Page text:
Photographer: Johannes Berg/Bloomberg
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Why the Street's Biggest Facebook Bear Just Got More Bearish

Pivotal Research Group cuts their target price on increasing growth risks

Why the Street's Biggest Facebook Bear Just Got More Bearish

Pivotal Research Group cuts their target price on increasing growth risks

Photographer: Johannes Berg/Bloomberg

There was everything from smart mailboxes to walking cars. Journalists, executives and tech junkies all descended on Las Vegas strip for the 2019 Consumer Electronics Show this week. The annual event that shows off the industry's latest innovations attracted over 200,000 people. On What'd You Miss This Week, Scarlet Fu and Caroline Hyde spoke with Verizon CEO Hans Vestberg from CES.

The chief executive of the largest wireless carrier in the U.S. discussed both the hurdles and opportunities that came with their rollout of residential 5G. Vestberg said Verizon was already two years ahead of schedule on the technology, which he called "a quantum leap when it comes to speed." The initial plan was to launch 5G in 2020, but Vestberg said they felt there was an impetus to act now. This is "a very important market for us to build on," the chief executive said, and predicted Verizon would see meaningful revenue from 5G by 2020.

Alicia Levine, the chief strategist at BNY Mellon Investment Management, came on to talk to discuss the FOMC minutes after their release on Wednesday. Levine said she was "happy to see there was caution in the minutes, because it means the market didn't mug the Fed." Before the release, Levine had been most concerned about a possible messaging issue between the central bank and the markets. "The market has been much more dovish than the Fed this entire rate cycle," she said. "We've seen what happens when the Fed collides with the expectations." Despite the "slaughter" during the last week of the 2018 trading year, Levine said the market rout then was overblown and that her forecast for the start of this year remains positive.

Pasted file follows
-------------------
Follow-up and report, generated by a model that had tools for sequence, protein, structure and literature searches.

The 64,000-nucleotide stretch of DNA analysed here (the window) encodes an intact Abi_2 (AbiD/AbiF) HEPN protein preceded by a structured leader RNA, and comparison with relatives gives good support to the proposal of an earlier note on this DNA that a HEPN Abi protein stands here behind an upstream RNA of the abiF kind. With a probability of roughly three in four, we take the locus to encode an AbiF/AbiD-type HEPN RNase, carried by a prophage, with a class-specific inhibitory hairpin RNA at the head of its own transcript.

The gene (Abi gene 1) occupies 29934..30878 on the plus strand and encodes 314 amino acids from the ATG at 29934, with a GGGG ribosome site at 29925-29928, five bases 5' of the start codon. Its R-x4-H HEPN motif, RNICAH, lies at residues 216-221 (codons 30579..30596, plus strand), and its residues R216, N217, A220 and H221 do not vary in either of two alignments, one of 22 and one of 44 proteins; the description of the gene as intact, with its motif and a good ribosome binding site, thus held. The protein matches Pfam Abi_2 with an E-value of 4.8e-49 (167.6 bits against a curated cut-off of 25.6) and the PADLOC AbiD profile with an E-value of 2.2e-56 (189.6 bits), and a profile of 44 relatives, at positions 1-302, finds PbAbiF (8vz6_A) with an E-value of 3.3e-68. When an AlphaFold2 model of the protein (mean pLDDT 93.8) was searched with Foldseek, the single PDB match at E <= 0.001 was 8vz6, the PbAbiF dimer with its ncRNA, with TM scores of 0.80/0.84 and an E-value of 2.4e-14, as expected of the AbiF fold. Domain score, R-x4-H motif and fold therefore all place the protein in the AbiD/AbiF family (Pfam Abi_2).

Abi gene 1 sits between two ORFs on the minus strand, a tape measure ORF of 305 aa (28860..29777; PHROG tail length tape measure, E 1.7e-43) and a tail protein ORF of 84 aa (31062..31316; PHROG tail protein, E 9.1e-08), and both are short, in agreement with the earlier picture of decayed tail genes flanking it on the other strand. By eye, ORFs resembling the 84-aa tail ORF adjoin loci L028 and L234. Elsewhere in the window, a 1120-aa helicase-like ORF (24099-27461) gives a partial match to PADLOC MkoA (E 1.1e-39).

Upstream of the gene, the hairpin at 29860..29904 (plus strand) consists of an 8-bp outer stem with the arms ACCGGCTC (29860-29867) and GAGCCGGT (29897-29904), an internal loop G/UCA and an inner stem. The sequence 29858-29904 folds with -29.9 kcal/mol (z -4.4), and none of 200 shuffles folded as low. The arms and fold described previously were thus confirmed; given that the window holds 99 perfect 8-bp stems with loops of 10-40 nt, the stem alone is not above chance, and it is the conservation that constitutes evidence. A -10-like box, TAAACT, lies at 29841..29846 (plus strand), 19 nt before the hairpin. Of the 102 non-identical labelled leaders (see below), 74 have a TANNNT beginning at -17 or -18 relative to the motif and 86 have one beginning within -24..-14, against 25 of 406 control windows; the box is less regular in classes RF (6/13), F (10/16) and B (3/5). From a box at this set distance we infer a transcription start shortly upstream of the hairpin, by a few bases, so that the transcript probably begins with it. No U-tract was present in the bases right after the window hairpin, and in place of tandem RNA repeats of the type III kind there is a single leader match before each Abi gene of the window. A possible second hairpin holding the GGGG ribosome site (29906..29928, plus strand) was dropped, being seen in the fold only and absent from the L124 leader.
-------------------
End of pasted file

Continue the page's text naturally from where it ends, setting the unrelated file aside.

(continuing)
Then Wall Street's biggest Facebook bear came on to talk about why he is even more bullish about the social media giant. Brian Wieser, a senior analyst at Pivotal Research Group, cut his price target on the stock to $113 per share. "We haven't gotten anywhere close to bottom yet," Wieser said. The company is "broken from the top down" and "doesn't seem to fully acknowledge the scale of the problems that it faces." Wieser predicted that Facebook chairman, CEO and co-founder Mark Zuckerberg's problems will only worsen this year. The social media company has not fully priced in the cost of policing content and still has to deal with the threat of regulation, particularly from the European Union, Wieser explained. "You still have governments wanting to throw the book at them." Wieser warned "if [the E.U.] wants to break up Facebook, they can in different forms." "Facebook is not well-positioned for that," Wieser said.

Fabio Savoldelli, an adjunct professor at the Columbia Business School, joined to discuss the rough year for hedge funds: the good, the bad and the ugly. "Investors are not going to be thrilled with joy with these results." Savoldelli said there was an extraordinary symmetry to performance over the past two years with funds trading wins and losses. "Very, very few funds that were up more than ten percent this year weren't down last year," he said. On the reverse side, a lot of the funds that were up ten percent or more in 2017 were down this past year. Macro-hedge funds are "supposed to be trading this kind of a thing," Savoldelli said. "The guys that should be able to deal with these things on a year-to-year basis aren't responding."